I recently started following pages on Instagram relating to South Asian heritage and saw this caption posted by @southasianqueens:
“I feel like marriage conversations and pressures often start much before the age of 24. I finished university at 22 and the conversations started the next day.

How old were you (or are you currently) while experiencing these pressures?”


The caption had questioned when women had first heard this and how they had responded. It did not surprise me that many women are considered to have a “sell-by” date as they are treated like consumer products. This is rife within the South Asian community and the subject of most social gatherings – “so-and-so’s daughter has got divorced” or “so-and-so’s daughter isn’t even married yet!”

Personally, I was lucky! I met my husband when I was sixteen and told my family that this was the guy that I wanted to marry. We got married when I was seventeen and the rest is an incredibly happy history, Alhamdullilah. I managed to escape the conversation and the attached pressures of a suitable age for marriage. Looking back now, I do not believe for one second that I had the emotional maturity for marriage, but I did not have to succumb to the same familial pressures that I witnessed my friends go through.

Now that I am in my thirties (painful to write) I have friends from all walks of life and who have been through an array of experiences. However, I keep hearing the same style of complaints regarding the subject of marriage. I spoke to a friend who is currently twenty-seven years old; she has the traditional markers of material success – degree, car, career. She is on her deen and beautiful both inside and out. Her personality is amazing, and she is incredibly perceptive and intelligent. However, she is unmarried. I can assure the reader that there is nothing “wrong” with her and she simply has not met a person that she thinks is compatible. On the other hand, her mother is trying to push her into accepting proposals that are unsuited for her ‘because of her age’. She keeps questioning her “Who will marry you?”, “You’re not getting any younger” and my personal favourite “So-and-so’s daughter has had her second child and you are still unmarried”. These conversations have caused many phone calls and tears – feelings of low self-worth and insecurities and for the sake of what? Social pressures? Cultural expectations?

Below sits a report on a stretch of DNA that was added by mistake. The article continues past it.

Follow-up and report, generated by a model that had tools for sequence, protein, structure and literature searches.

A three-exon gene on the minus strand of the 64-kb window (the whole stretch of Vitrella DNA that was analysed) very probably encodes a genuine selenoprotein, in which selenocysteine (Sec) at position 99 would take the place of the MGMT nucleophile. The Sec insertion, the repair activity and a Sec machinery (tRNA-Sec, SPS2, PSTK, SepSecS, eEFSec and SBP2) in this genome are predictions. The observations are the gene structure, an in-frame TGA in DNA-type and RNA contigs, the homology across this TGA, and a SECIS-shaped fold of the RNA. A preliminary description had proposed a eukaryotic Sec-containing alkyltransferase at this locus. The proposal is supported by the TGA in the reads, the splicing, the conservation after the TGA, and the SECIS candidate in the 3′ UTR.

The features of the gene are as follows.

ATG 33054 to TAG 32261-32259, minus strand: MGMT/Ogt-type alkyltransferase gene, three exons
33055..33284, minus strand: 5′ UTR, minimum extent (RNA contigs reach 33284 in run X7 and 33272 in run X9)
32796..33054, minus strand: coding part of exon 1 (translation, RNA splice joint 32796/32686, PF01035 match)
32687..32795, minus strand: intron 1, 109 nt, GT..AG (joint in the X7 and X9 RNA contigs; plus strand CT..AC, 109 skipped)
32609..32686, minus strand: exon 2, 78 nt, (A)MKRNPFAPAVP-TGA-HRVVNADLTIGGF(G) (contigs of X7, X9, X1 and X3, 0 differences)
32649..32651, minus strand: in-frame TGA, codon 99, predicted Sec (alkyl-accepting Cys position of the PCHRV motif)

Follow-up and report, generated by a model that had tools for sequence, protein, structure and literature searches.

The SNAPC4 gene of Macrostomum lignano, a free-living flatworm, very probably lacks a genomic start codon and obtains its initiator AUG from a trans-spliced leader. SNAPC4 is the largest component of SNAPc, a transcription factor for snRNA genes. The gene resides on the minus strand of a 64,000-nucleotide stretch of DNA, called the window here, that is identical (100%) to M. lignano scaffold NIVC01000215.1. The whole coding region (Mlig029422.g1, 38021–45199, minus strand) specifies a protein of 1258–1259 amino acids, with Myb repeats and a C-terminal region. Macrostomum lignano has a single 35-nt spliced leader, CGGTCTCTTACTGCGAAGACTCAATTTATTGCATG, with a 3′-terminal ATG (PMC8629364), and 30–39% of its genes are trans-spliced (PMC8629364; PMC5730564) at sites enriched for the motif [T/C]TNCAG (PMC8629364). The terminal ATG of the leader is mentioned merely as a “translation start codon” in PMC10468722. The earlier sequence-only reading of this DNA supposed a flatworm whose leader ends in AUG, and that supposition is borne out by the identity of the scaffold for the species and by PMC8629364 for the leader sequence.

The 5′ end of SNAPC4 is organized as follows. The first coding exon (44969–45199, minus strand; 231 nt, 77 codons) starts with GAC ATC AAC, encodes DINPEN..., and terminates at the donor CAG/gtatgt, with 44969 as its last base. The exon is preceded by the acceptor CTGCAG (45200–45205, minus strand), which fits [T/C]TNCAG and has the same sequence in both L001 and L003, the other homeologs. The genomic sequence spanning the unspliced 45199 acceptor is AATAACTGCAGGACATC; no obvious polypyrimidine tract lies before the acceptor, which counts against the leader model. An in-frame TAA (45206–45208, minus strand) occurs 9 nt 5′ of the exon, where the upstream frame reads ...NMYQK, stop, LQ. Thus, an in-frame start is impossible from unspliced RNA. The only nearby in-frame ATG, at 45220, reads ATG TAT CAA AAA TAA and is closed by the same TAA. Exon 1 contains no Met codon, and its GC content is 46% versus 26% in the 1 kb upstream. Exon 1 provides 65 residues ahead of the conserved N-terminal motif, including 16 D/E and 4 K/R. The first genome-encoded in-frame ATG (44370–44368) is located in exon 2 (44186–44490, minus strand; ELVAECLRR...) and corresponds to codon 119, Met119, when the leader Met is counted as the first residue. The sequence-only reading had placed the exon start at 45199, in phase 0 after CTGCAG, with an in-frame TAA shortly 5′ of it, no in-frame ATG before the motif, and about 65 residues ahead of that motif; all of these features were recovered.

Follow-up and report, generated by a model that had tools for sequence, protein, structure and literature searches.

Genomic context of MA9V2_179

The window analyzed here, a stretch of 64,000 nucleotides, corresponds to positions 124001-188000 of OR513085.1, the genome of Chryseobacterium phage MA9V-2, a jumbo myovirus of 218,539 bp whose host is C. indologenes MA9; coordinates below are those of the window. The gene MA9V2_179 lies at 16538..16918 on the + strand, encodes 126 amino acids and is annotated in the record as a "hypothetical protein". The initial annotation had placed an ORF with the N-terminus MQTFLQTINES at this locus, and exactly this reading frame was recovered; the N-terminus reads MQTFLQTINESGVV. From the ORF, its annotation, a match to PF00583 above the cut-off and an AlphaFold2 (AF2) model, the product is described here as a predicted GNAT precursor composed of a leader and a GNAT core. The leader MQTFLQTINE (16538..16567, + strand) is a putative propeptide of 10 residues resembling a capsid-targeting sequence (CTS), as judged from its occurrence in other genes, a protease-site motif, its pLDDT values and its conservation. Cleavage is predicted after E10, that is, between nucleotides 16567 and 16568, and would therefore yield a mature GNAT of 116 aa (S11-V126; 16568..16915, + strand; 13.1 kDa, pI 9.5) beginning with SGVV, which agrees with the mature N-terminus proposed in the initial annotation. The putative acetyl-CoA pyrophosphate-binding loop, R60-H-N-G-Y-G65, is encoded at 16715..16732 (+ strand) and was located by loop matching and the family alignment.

Sadly, this is not an isolated incident.

Another friend is divorced and has not remarried. She had no children from her first marriage and since she returned to her parent’s house, the proposals she has received are not from people she would consider. This is where it becomes controversial, and I assure you that this does not come from a place of judgement. The proposals she has received are from either: divorced men with children, men who have serious medical conditions, older men, men who are looking for second wives or men lacking in emotional maturity.

Not for one second am I arguing that men with these circumstances should not be seeking marriage, rather I am highlighting the lack of single, unmarried men in this list. It seems that because she is divorced – that section of society is no longer attainable. A man she was getting to know had told his family about her and when they discovered she was divorced, the mother declined the proposal and forced her son to look for someone who was not “damaged”. And these people claim to be religious, na’auzubillah.

Why does society think like this? So-and-so’s daughter is on her second marriage – obviously, she must have done something wrong, but so-and-so’s son is on his fifth girlfriend, but he will grow out of it he is only young! It is precisely these double standards that are the cause of haram in our Ummah today. I do not recall hearing that “boys will grow out of it” and that zina is only haram for girls.

The mind baffles.

Why are we enabling our sons and disabling our daughters? Why are daughters considered a burden to be ‘married off’ but sons need to remain at home with their mothers? My own daughter does not want to get married – she is eleven and boys are gross. Truthfully, it horrifies me. I do not want her to enter a society where her worth is judged at how successful she is at marriage and ‘handling’ her in-laws. Or how many children she can produce, or the career her husband has, how big her house is and what car she drives. How have we become so detached from deen that financial or societal gain is better than the future of the Ummah?